The Gibbon Experience is situated in the Nam Kan National park near Huay Xai, the capital of Bokeo province in Laos. When I say ‘in’ the Nam Kan National park, I mean they are the Nam Kan National park. The 136 000 hectare – area was officially given National Park status in 2008.
The company provides unique accommodation with the chance to see Gibbons in the wild. They are self-described as a tourism-based conservation project with tree houses for accommodation, reached via ziplines. The tree houses were built as high as was safe and overlook the forest canopy.
Ziplines have been installed throughout the vast property to reduce the necessity to walk up and down hills and time that it takes to get around. What once was an 8 hour walk now is a 2-hour walk. The Gibbon Experience houses a total of 15 kilometres of ziplines with the shortest being around 50 meters while the longest is nearly 600 meters long. While visitors are accompanied by a guide, they are local to the nearby village. Some guides speak English while others don’t and are referred to as more of an ‘escort’.
Helmets are always recommended as well as double-checking the knots in your harness and that your karabiner is securely closed.
The zipline wires need to be replaces often to assure that they are safe to use. The wires gets recycled and used for other purposes. One such purpose is a 60- meter long suspension bridge in Ban Donkham in the Nam Kan National Park.
The tree houses at the Gibbon Experience are built at a world record height of between 30 and 40 meters. That is over 10 storeys high! The top of the forrest (the canopy) an be seen from your bed! The tree houses are built in different styles to best suit the trees and environment around them. The sizes also varies with some being as large as luxury mansions of up to 160 square meters. The tree houses are stocked with the necessities including solar electricity for lighting, cutlery and crockery and beds.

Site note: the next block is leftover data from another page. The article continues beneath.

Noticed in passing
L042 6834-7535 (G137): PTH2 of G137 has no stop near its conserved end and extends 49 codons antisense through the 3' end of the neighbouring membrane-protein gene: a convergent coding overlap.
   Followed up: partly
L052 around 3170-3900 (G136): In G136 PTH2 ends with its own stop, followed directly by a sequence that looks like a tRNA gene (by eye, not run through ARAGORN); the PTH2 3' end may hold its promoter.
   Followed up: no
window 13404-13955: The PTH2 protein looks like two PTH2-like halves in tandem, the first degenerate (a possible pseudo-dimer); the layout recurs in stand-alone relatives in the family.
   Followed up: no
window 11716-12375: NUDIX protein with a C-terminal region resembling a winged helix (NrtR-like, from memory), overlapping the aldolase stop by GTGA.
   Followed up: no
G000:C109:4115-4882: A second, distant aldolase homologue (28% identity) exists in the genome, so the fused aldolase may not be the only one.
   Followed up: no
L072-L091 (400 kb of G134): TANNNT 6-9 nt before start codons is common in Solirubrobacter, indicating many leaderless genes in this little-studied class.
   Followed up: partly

As can be expected, the natural beauty around The Gibbon Experience is amazing. The highlight of the area is the critically endangered Western Black Crested Gibbon, a subspecies of the Black Crested Gibbons found primarily in Southern China and some areas in Northwestern Laos and Northern Vietnam. There are only about 1 300 to 2000 individuals of Crested Gibbons worldwide. 11 Groups of Gibbons can currently be seen around the Gibbon Experience. This is thought to be the only viable population outside of Yunnan in Southern China.
So what to look for when you go Gibbon spotting? Gibbons are apes rather than monkeys. The males are black with hairless faces while the females a beige-yellow with hairless, black faces and black patches on their chest, head and abdomen. Their arms are super long – about twice as long as the primates are tall! Your best bet is to look for them swinging from branch to branch or sleeping in tall, thick trees near a food source. While Gibbons are wild animals and sightings are not guaranteed, following their morning singing could offer visitors better chances of spotting them. On the other hand rainy and cold weather could hush them up, making them more difficult to find.
Besides the Gibbons, visitors could see a variety of deer, leopards, tigers, wild pigs, Asian Black bears and over 100 species of birds, to name but a few.
The national park is also home to the Tree King. A gigantic gurjum tree (Dipterocarpus Alatus) towers over the surrounding forest at a height of 55 meters. The diameter of this giant tree is e 3 meters at ground level. The Tree King is considered a sacred tree and religious rituals are often conducted in its honour.
The Gibbon Experience does not boast to providing a luxury experience. The main attraction of the trip is the raw natural beauty and wildlife that you can see. It is an experience for adventurists with a passion for nature and its conservation.
*A version of this article first appeared at www.zafigo.com